In May, Ford proposed consolidation of 21 Ford and Lincoln-Mercury dealerships in the Indianapolis market. The company proposed a similar venture in Salt Lake City.
Both ventures failed because dealers would not sell, but Ford is still pursuing the idea.
In each consolidated market, Ford wants a new venture, jointly owned by the company and the dealers, to oversee sales and service in megastores. The company wants to test retailing strategies such as large inventories, one-price selling and salaried sales people.
Trotman's Ford 2000 strategy has scrutinized and recast virtually every practice within Ford. The groundwork has been laid. Now Nasser must use those changes to produce a more profitable, quick-footed, global organization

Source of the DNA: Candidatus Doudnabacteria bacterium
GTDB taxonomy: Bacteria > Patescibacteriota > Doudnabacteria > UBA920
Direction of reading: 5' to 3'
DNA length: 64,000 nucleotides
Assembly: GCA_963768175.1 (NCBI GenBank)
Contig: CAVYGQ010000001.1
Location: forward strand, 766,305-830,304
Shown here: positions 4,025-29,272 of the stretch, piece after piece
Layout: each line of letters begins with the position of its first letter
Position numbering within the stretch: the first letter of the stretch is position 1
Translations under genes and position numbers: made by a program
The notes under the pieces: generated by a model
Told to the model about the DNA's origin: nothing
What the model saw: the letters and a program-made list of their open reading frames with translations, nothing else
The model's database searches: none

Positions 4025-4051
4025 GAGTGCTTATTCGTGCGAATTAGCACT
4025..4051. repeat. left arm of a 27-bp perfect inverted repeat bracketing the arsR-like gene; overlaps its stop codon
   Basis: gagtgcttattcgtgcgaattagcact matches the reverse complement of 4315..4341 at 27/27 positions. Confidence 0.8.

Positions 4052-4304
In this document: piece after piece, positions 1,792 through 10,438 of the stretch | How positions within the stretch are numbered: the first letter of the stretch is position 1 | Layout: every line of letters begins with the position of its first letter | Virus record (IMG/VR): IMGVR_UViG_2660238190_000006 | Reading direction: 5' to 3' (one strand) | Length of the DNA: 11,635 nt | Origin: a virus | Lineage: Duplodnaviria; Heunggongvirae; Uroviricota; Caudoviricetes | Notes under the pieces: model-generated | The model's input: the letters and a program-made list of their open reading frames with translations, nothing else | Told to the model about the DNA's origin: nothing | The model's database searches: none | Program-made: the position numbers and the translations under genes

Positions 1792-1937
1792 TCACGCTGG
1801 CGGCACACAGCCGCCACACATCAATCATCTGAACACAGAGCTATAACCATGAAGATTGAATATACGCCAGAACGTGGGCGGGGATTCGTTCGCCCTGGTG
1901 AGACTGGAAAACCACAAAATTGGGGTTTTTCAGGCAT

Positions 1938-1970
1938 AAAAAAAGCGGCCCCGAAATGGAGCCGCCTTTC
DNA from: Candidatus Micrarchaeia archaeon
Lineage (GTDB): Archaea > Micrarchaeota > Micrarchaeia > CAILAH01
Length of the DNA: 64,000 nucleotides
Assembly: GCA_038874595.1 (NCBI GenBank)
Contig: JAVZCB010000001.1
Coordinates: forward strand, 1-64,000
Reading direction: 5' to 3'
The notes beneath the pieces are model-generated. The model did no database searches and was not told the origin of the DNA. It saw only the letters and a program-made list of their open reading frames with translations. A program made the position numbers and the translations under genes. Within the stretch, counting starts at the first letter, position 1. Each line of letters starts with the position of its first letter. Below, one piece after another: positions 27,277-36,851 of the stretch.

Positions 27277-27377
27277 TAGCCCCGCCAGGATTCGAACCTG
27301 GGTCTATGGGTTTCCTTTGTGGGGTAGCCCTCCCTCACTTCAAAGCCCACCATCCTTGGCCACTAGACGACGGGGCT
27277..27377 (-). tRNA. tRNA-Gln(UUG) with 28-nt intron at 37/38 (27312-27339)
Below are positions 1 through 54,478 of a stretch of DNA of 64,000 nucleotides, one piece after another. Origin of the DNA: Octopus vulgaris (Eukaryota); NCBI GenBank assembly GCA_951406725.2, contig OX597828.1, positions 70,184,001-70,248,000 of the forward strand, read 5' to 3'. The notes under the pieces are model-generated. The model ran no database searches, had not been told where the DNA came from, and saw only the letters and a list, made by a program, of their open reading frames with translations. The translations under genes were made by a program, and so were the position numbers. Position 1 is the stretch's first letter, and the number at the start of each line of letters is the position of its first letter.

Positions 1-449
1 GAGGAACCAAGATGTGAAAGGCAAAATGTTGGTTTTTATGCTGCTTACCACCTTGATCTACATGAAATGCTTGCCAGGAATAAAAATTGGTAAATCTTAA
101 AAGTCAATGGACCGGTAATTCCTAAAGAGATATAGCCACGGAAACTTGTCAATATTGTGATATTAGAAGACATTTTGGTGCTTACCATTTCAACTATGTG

Staff Reporter Arlena Sawyers contributed to this report.
Ford sees five trends that will shape the auto market in the next five years
Excess capacity will put tremendous pressure on net pricing
Excellent product increasingly targeted at niche customers
Consumer shift from traditional cars to trucks, sport utilities and minivans
Traditional distribution, service and financing methods are under attack
Low-cost competitors such as Chrysler, GM and Volkswagen will keep prices down
Ford expects its global share to hold steady in the next five years
1995 1996 1997* 1998* 2000* 2002*
USA 25.5 25.2 25.1 24.3 25.1 25.1
Europe 12.1 11.7 11.7 11.7 11.8 11.8
Brazil 11.8 10.7 14.5 16.1 16.1 16.2
Worldwide 13.3 12.9 13.3 12.9 13.2 13.3
Source: Ford Motor Co. document